“…This year, the APA is holding its annual meeting from May 5 to 9 in Philadelphia, where much of the discussion will focus on the drafts of the DSM-5 and the results of “Field Trials”—dry runs of the new diagnostic criteria in clinical settings. I am attending the conference to learn more and, next week, my colleague Ingrid Wickelgren at Scientific American MIND and I will bring you a series of blogs about the DSM-5 authored by ourselves and some well-known researchers and psychiatrists. For the duration of next week, we will also publish my feature article about DSM-5 in its entirety on our website. After next week, you can still read the feature in the May/June issue of MIND. Stay tuned!”

About the Author: Ferris Jabr is an associate editor focusing on neuroscience and psychology.

1 boring old man

1 boring old man | May 3, 2012

the future of an illusion IV½…


the future of an illusion IV

1 boring old man | May 2, 2012

Psychology Today | DSM 5 in Distress

Wonderful News: DSM 5 Finally Begins Its Belated and Necessary Retreat
Perhaps this will be the beginning of real reform.

Alan Frances MD | May 2, 2012

MindFreedom International Newswire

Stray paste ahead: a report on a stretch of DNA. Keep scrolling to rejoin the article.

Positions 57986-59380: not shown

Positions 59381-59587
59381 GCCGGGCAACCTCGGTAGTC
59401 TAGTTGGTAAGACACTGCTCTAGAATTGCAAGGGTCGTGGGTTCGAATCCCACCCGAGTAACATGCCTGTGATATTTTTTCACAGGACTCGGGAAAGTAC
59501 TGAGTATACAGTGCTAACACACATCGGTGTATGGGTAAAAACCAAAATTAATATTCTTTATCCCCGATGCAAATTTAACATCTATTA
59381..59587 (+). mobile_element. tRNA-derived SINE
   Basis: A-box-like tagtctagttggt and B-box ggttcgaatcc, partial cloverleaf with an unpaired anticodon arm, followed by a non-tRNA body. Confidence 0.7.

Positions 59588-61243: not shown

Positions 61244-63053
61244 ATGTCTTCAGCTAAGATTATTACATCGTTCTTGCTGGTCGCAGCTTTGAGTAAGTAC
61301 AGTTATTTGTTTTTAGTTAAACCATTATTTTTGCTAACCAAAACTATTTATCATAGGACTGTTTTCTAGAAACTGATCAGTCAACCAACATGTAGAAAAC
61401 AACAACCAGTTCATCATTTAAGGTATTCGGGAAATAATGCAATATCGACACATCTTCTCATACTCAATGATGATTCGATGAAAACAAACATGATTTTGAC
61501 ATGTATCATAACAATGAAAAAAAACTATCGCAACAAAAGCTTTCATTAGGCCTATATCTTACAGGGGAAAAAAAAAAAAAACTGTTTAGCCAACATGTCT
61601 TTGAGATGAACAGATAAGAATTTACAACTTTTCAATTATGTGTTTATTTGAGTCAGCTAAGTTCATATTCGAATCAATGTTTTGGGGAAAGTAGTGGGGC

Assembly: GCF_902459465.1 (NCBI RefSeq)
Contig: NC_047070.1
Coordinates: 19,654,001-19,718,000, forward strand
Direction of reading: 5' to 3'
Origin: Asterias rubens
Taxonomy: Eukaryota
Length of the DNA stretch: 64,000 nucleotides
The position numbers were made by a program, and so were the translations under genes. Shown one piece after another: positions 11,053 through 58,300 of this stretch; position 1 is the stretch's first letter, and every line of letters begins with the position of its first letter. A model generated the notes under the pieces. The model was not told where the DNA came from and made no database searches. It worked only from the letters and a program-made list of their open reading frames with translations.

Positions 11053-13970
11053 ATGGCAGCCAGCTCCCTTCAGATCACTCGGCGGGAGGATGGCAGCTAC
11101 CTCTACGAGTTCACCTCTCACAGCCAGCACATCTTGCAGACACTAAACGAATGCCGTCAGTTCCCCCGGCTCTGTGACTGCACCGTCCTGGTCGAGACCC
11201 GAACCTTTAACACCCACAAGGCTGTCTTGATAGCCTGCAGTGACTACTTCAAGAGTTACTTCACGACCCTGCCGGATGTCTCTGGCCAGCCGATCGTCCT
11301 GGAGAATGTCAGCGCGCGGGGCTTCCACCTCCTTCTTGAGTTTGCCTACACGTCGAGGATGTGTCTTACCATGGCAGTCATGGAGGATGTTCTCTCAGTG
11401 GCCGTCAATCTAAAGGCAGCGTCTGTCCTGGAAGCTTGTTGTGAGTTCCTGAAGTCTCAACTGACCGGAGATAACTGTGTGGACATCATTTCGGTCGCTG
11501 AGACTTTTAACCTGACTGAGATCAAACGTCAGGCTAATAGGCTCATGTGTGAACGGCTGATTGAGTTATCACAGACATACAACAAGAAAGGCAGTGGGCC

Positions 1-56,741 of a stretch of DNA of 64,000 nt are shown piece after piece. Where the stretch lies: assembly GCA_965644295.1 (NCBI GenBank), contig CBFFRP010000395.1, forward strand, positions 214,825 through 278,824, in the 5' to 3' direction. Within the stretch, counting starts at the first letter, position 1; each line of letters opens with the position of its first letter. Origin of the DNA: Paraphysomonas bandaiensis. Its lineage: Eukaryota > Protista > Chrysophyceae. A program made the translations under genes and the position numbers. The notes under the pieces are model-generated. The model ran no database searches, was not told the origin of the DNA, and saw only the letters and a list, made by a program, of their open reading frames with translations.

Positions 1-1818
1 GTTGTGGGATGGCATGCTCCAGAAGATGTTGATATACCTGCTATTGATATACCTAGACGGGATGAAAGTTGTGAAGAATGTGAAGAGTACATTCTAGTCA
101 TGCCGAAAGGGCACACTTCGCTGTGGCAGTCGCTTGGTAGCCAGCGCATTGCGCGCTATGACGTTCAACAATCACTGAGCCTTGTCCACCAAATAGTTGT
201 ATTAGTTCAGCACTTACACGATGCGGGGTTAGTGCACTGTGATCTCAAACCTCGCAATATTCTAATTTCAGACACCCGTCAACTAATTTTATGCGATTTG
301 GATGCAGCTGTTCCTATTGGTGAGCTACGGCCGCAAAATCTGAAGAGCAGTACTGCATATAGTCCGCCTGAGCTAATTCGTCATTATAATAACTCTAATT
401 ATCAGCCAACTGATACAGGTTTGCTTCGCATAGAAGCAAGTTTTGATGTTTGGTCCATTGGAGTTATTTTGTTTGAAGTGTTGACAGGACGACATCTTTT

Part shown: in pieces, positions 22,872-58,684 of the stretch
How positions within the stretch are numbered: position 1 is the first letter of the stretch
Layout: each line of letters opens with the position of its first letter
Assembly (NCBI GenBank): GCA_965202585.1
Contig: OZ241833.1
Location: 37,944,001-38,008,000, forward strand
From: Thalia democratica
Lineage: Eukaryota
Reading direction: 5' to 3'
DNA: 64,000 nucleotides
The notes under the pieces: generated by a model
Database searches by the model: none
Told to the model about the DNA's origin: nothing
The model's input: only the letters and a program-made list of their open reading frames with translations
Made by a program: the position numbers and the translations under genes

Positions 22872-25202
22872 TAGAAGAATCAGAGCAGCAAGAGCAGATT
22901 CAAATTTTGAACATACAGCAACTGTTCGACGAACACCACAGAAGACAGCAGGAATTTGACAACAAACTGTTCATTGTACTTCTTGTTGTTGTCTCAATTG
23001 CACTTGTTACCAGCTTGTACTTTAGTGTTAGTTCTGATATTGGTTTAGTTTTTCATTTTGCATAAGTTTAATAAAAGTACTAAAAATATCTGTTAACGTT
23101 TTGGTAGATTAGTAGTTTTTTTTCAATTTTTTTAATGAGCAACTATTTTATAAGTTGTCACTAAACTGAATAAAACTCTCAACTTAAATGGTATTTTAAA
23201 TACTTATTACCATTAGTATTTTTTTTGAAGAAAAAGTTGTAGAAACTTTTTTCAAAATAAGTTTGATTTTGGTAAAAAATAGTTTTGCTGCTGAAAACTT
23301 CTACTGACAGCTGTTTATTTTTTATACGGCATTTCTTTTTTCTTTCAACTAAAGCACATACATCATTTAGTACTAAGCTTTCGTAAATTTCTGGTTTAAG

Protesters, Rejecting Mental Illness Labels, Vow to “Occupy” the American Psychiatric Association Convention

MindFreedom International
Last modified: 2012-05-01T16:46:46Z
Published: Tuesday, May. 1, 2012 – 9:46 am

PHILADELPHIA, May 1, 2012 — /PRNewswire-USNewswire/ — On Saturday, May 5, 2012, as thousands of psychiatrists congregate for the American Psychiatric Association (APA) Annual Meeting, individuals with psychiatric labels and others will converge in a global campaign to oppose the APA’s proposed new edition of its “bible,” the Diagnostic and Statistical Manual of Mental Disorders (DSM-5), scheduled for publication in 2013. Occupy the APA will include distinguished speakers from 10 a.m. to noon at Friends Center (1515 Cherry Street, Philadelphia), and a march at approximately 12:15 p.m. to the Pennsylvania Convention Center (12th and Arch Streets), where the group will protest from approximately 1 p.m. while the APA meets inside…